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Offensive Exit Polls Tarnish Black South Carolina Senator’s Historic Election

Tim Scott Senator of South Carolina What should have been a celebratory moment for Black people in the South has been tarnished by a racist exit poll that asked respondents to judge whether Blacks are way too “demanding in their push for equal rights.”

Tuesday’s election may have handed Congressional power over to the GOP, but it also ushered in several Black politicians who will go down in history – like South Carolina Senator Tim Scott, the first African-American senator to be elected in the South since the Reconstruction era.

But soon after he celebrated his historic win, it was revealed that voters responding to exit polls in Charleston, Columbia, Greenville and Spartanburg were asked a series of questions about whether Black people are going too far in their fight for equality.

One voter posted an image of the questionnaire on Twitter, showing one section were voters were supposed to “agree” or “disagree” with the statement “Blacks are getting too demanding in their push for equal rights.”

The user called the poll “shameful.”

The man behind the racially charged questions is David Woodard, a political scientist at Clemson University who insists he meant no harm by including the questions on the poll.

“It was designed to take advantage of a political moment of Senator Tim Scott’s election as the first African-American from a southern state since reconstruction,” he told WSPA. “It was not designed to be provocative.”

That’s certainly not the impression it left on voters.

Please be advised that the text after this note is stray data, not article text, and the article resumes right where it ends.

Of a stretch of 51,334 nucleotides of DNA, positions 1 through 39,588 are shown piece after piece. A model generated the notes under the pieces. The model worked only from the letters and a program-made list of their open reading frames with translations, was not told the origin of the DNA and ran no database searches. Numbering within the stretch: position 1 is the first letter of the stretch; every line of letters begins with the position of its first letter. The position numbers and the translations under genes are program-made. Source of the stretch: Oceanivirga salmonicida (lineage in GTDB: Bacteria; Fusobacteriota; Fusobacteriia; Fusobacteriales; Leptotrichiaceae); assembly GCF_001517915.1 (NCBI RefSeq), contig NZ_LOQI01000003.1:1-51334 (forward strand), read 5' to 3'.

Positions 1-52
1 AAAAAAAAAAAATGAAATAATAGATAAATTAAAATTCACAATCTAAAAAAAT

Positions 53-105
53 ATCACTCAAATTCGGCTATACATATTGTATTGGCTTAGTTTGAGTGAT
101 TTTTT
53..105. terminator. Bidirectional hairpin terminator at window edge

“I didn’t answer some of the questions,” one Facebook user from on WSPA’s Facebook page. “They were overtly racist.”

B1sEQ1LCMAAy7zQAnother commenter said she thought the questions were jokes because there was “no way” someone could seriously put those questions on an exit poll and not think they would be offensive.

One Twitter user pointed out the cruel irony behind the questions and the historial election.

“This is the 1ST black prson to b elected since RECONSTRUCTION [era],” they said in a series of tweets. “& u hve the nerve to say we’re being pushy? Not pushy enough apparently.”

Woodard tried to defend the poll by saying he asked those kinds of questions every day when conducting research and never had a problem.

“We do this every day,” he said. “We didn’t think too much about it until we got it out in the field and saw that there was some reaction.”

Even Paul White Jr., a doctoral candidate in political science from University of South Carolina who partnered with Woodard on the project, said the reactions were unanimous across all demographics.

“You had liberals getting offended,” White said. “You had conservatives getting offended. It was all over the place.”

Despite the controversy, White and Woodard plan to continue with the study and publish their findings in January.


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